Unilateral Kettlebell Drag
Performing the drag curl unilaterally allows you to focus on each bicep muscle separately. Doing unilateral training allows you to overcome strength imbalances that see one side dominating during a two-arm movement. Using a kettlebell will make it easier to keep your elbow back due to the more natural hammer grip you are able to assume.
Drag Curl Alternatives
Two Arm Cable Curl
The two arm cable curl is an excellent alternative to the drag curl because it allows you to stand in front of the resistance. This will ensure that your elbows remain behind your body as you do the curling movement. As a result, you will eliminate front deltoid involvement just the same as when you do the drag curl.
To perform the alternate cable curl stand in front of a double cable pulley machine that has the weight stacks set at shoulder-width distance apart. Put the pulleys on the lowest setting. Grab the handles and stand about three feet in front of it, facing away from it. In the starting position, have your palms facing forward, elbows at your sides, and arms fully extended. Your arms should be slightly angled back.
Now curl up to your shoulder level. Strongly contract the biceps in the top position of the movement. Lower the cable 90 percent of the range of motion. Not going all the way down will ensure that the tension remains on the biceps throughout the entire set.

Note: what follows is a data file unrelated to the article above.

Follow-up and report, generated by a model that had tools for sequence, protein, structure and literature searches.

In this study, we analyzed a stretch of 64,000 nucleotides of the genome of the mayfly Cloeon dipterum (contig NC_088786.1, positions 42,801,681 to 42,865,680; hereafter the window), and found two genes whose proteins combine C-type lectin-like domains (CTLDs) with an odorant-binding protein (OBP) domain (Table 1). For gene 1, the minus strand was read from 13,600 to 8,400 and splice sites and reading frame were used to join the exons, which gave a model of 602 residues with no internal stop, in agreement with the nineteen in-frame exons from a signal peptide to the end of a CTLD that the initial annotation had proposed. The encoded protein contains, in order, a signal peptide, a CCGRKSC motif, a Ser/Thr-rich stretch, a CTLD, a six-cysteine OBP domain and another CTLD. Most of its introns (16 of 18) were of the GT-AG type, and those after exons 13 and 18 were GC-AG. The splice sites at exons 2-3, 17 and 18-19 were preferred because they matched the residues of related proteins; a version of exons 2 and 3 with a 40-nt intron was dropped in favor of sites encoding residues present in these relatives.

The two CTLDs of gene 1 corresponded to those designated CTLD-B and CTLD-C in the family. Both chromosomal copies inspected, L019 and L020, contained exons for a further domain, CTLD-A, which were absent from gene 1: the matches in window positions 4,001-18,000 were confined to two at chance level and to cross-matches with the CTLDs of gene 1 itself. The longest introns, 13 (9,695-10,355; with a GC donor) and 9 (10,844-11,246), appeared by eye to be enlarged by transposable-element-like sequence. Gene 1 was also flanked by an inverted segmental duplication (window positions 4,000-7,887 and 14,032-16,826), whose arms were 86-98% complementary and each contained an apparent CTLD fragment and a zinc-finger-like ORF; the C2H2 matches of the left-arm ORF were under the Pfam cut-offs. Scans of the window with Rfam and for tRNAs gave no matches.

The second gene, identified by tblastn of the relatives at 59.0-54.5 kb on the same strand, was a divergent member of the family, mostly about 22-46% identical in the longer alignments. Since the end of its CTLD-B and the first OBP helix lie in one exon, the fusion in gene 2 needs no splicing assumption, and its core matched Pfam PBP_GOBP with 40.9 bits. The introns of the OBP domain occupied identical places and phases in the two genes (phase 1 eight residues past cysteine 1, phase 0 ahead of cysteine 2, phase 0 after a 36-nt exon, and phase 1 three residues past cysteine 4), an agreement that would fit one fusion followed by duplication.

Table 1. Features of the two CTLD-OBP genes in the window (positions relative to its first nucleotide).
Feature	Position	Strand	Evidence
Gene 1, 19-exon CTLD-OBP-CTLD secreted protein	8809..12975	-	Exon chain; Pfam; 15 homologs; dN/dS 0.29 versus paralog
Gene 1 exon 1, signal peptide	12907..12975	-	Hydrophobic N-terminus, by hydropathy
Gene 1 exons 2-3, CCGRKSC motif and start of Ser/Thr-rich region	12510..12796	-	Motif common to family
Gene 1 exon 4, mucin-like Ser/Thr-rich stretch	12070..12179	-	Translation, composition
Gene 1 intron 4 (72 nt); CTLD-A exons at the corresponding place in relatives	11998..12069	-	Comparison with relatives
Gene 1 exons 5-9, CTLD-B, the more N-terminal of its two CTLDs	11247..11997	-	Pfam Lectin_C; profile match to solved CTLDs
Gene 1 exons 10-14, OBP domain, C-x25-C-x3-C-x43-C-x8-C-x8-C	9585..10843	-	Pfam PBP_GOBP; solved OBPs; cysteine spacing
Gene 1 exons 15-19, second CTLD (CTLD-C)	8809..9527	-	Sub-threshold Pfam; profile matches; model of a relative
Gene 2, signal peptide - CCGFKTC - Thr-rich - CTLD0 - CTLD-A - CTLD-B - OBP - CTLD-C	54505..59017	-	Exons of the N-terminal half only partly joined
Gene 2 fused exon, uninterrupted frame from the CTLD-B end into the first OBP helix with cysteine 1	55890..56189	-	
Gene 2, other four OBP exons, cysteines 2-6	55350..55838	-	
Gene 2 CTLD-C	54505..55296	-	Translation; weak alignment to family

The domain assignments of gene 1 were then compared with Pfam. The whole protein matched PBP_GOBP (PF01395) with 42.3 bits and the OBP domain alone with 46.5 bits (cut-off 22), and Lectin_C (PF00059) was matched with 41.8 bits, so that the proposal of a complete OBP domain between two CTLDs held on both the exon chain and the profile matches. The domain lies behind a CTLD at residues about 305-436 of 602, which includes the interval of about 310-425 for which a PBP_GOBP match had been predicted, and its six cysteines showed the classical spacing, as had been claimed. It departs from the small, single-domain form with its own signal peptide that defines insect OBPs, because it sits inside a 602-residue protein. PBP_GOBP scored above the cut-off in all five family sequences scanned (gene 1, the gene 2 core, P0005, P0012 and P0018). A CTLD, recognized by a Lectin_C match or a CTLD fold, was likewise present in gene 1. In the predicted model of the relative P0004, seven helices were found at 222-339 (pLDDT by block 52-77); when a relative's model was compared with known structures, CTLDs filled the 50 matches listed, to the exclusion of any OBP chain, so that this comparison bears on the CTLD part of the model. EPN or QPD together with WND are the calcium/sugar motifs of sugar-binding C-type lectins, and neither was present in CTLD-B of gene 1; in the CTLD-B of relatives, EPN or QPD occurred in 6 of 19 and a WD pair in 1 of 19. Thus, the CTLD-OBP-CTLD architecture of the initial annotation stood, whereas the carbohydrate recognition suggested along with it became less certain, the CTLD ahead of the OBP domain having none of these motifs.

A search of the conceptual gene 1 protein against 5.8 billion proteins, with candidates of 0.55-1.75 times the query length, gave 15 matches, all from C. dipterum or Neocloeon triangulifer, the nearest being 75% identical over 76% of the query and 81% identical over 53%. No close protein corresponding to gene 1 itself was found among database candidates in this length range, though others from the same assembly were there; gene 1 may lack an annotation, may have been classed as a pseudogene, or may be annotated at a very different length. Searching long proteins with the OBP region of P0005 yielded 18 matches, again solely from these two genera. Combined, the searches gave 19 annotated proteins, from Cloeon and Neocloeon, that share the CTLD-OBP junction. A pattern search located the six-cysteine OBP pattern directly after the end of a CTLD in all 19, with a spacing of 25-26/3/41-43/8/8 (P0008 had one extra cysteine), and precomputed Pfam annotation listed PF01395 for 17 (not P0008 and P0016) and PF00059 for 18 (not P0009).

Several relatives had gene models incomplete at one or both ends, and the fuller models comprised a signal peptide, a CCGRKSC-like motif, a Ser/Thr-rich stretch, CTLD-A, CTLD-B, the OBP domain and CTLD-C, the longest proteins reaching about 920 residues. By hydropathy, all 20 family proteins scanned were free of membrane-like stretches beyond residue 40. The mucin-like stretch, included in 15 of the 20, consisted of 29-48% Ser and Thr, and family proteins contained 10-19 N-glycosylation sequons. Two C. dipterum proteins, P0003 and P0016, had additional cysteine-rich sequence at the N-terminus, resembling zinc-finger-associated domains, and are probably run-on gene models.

I prefer to do cable curls in an alternate arm fashion. This allows you to focus on each bicep individually.
Preacher Cable Curl
Preacher curls is another exercise that ensures that you are performing the movement strictly in order to fully load the biceps. However, the way that most people do this is exercise is problematic. In the bottom position of the preacher curl, the tension is on the bicep insertion point with the elbow due to mechanical disadvantage. This puts you at a huge risk of tearing your bicep.
The way to overcome this problem is to perform the preacher curl on a cable machine. Doing so changes the line of resistance from straight down (gravity) as it is on the barbell version to perpendicular with the forearms (which are the operating lever of the movement) when you do the cable version. This makes the preacher cable curl a whole lot safer than the barbell version.
To perform the preacher cable curl, position a preacher bench in front of a cable pulley machine. Set the pulley to its lowest position and select your starting weight. Set the seat height so that your armpits naturally go over the curl pad when you are sitting on it. Put a short straight handle on the bar and grab hold of it with both hands. Now position yourself on the seat.
The bottom position starting position should see your arms extended but not fully straightened. You should eliminate the final 10 percent of the range of motion to keep the tension on the biceps throughout the entire set. Now curl the handle up to the top of the pad. Hold the contracted position for 2 seconds before lowering slowly.
Drag curls are an excellent version of the curl to have in your arm training arsenal. I recommend pulling it out every 3rd or 4th workout, making use of all the variations and alternatives suggested here, to add variety to your workout while forcing your biceps to work more strictly with less resistance.